Sam’s Club same-store sales increased 3.3 percent, without fuel, and e-commerce sales rose 21 percent. Despite closing 10 percent of clubs last year, membership remained flat.
Net sales at Walmart International declined 2.3 percent to $32.3 billion. Excluding currency fluctuations, net sales were $34 billion, an increase of 2.7 percent. Comp-store sales were positive in all of the major markets.
“We leveraged operating expenses even as we invested in e-commerce and wages,” the ceo said. “We’re expanding product reviews and on-time delivery. We have a superior value proposition as we compete aggressively on price. We’ll play offense as we continue to innovate in e-commerce.”
“Jet.com is focusing on urban markets,” McMillon said. “We’re very pleased with the role it’s playing in attracting new brands. We’re looking constantly at acquisitions.“
But the rate of bringing new brands online to walmart.com isn’t as fast as McMillon would like, and reaching e-commerce profitability is also taking longer because “the merchandise mix isn’t where it needs to be in order to generate a customer experience that drives repeat business.”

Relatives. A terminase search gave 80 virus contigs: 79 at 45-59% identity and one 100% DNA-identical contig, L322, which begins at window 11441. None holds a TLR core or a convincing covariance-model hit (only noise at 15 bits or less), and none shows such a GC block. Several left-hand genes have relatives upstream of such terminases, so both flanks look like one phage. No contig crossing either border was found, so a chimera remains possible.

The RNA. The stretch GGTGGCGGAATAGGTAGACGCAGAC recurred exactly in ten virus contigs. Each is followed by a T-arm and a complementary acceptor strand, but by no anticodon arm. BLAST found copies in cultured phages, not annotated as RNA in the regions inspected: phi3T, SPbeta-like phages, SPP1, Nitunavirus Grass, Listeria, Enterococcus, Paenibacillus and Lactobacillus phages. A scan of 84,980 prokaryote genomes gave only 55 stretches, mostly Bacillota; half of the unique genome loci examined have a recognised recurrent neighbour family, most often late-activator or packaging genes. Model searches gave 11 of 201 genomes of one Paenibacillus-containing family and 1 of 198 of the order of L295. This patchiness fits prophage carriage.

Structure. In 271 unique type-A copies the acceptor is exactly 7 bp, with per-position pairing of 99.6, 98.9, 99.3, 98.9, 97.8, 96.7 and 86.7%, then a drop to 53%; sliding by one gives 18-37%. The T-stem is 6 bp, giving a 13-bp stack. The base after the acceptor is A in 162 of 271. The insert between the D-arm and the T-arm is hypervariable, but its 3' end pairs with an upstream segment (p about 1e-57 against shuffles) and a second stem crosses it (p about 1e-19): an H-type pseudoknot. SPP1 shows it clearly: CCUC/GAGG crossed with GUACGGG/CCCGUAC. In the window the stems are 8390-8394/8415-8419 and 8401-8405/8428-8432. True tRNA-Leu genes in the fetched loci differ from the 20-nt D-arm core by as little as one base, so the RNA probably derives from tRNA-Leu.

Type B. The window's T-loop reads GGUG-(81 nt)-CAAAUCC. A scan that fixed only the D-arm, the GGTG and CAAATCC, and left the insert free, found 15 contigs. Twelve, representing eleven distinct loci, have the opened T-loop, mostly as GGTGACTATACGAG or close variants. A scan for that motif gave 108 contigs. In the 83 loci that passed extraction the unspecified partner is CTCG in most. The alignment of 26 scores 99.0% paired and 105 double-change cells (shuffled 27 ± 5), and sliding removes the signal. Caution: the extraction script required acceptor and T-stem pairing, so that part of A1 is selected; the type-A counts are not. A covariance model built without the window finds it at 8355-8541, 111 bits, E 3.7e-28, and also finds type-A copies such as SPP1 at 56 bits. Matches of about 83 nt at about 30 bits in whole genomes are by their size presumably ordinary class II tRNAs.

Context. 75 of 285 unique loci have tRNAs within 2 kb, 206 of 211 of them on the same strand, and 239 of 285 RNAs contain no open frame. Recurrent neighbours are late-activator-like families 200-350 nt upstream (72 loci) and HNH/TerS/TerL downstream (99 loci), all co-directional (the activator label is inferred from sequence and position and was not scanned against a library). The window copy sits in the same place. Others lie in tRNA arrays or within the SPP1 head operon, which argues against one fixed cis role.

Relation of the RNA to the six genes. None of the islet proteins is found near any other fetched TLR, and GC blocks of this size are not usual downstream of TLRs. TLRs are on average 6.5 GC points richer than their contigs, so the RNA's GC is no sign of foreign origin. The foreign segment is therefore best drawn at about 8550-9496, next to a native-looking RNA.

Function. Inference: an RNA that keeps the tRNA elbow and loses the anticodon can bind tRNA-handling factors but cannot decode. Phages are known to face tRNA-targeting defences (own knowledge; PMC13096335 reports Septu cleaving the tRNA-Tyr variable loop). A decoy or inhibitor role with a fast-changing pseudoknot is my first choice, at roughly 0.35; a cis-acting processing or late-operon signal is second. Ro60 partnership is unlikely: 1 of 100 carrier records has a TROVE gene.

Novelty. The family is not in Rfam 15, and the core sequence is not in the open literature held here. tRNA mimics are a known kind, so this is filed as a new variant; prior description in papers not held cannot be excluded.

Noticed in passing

“We’re trying to build an e-commerce business in apparel, home and hardlines that brings customers back,” McMillon said. “Building the merchandise assortment with the brands we’re trying to add and getting it to where it’s a repeatable healthy business online is taking longer. So, we’re peddling fast, trying to make that happen. We’re disappointed that it’s taking as long as it is.”
“The team is working with a great sense of urgency to increase sales in key areas like home and apparel, which will help margin rates while we’re simultaneously investing in new innovative e-commerce solutions,” said Brett Biggs, executive vice president and chief financial officer at Walmart. “As we outlined in October, we expect losses in e-commerce to increase this year as we invest in infrastructure, people, online grocery and Store No. 8 initiatives.”
Walmart’s SuperCenters serve 90 percent of the U.S. population. McMillon said the number of stores offering same-day grocery delivery will double this year, while grocery pickup will expand to an additional 1,000 stores.